The perfect portrait

I’ve been having a big philosophical discussion with myself lately about portraits. I know this is totally normal, and lots of other people have been talking to themselves about photography lately, as well. It’s been getting a little boring to talk to myself in my head, so I wanted to bring my internal conflict to the blog to find out if maybe, just maybe, anyone else in the blogosphere might happen to have an opinion. (Or not.)
You all know I really love to take photos. I’m trying to teach myself to use my camera and take better photos. And I’m trying to do this without breaking down and actually taking a photography class.
I go on web sites and blogs and Pinterest, and I look at photos taken by professional photographers. I study the angles that they use and the background and the way people pose. And then I practice. I take photos of people and dogs and random animals. I drive my family crazy begging them to let me take just one more photo.

Lately, I decided to just focus on taking close-up portraits. Maybe if I can master this one type of photo, I can move on to shooting the whole body or maybe even shooting two people at once! My 50 mm lens makes it easy to take an amazing close-up shot. But I have not even come close to figuring out how to use it more than three feet away from the subject.
I love looking at wedding photos and graduation photos and baby photos taken by professional photographers. But I’ve always been mystified by how they make the eyes so bright and vibrant.
Well, until a few weeks ago.
I really haven’t spent much time, nor do I know much about photo editing. I usually crop my photos in iPhoto and enhance the color and occasionally add a special effect. Once in a while, I will take the time to edit a photo with Photoshop 5 and really play around with the color, contrast and lighting.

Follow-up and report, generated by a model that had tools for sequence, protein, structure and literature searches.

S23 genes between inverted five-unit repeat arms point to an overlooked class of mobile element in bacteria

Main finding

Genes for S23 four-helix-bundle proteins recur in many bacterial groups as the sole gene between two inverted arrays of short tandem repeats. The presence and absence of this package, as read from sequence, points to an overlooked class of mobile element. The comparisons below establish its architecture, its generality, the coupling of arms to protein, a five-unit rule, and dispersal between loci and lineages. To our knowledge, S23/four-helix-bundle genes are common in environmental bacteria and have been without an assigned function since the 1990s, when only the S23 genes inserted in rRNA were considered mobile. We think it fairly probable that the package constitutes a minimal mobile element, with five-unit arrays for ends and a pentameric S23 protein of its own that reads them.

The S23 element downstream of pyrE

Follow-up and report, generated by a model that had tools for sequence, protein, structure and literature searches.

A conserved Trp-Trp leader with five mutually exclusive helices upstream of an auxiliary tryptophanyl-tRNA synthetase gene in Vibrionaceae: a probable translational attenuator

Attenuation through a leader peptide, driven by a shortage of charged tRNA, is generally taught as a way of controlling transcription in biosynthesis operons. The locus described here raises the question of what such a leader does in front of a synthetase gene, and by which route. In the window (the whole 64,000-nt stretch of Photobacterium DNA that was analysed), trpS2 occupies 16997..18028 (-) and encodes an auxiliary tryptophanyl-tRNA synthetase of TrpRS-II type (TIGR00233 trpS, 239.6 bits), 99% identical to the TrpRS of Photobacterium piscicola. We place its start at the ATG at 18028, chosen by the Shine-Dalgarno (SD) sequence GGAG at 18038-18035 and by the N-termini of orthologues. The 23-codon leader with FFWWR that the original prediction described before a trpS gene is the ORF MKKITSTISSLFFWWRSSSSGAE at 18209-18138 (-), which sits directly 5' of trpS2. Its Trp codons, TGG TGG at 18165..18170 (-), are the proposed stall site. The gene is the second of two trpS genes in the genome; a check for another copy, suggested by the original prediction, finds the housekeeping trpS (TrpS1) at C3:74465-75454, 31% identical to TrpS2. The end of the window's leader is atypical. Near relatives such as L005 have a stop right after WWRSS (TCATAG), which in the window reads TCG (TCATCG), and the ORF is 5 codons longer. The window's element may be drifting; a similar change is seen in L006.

But a few weeks ago, I remembered that I got a free copy of Photoshop Elements with a purchase we made. I loaded it onto my computer, and that is when my complete photo editing obsession began!
While the full version of Photoshop can do so much more than Photoshop Elements, PE makes it so simple to edit your photos step by step. It has a feature called “the perfect portrait.”
With a click of a button, you can smooth out the skin. You can remove blemishes. Add eyelashes. Brighten the eyes. You can even “slim” the subject! My favorite feature is adding a glow. The only way I can describe the glow is that it makes the photo look like it’s in a magazine. Here is a photo of my son with a bit of a glow.

I started going crazy with “the perfect portrait” setting. And that’s when my conflict began. There’s so much controversy right now about models who are airbrushed and Photoshopped in magazines. I started realizing I was doing the same thing.
When people pay someone to take their photo, they do want it to look somewhat “perfect.” But how high should that standard be?
I mainly shoot photos to preserve my family’s memories. I also like to try to take photos that are decent enough I can frame a few of them and save money on going to the portrait studio. But am I really preserving a memory if I have brightened someone’s eyes to the point they are an unnatural color? It’s one thing to remove a blemish on the face, but should I really erase a beauty mark or freckles?
I feel like it’s OK to boost the color or adjust the contrast. But how many extra eyelashes are too many? And do I really want a photo that includes a person who was Photoshopped in later?
I guess part of the answer rests in whether the photo is meant to capture a memory or create a piece of artwork. I do love playing with PE, and I’m hoping to learn a lot more about it this summer. But I promise to go easy on slimming someone’s waistline, altering their eye color and smoothing out the skin.
I would love to hear what you think about this topic! Does anyone else out there practice taking photos? What do you use to edit them? And do you think you can enhance your photos too much?
Here are a few other portraits I’ve taken lately (without much editing).
Our oldest daughter:
My dad:
My super handsome husband:
Our oldest son:


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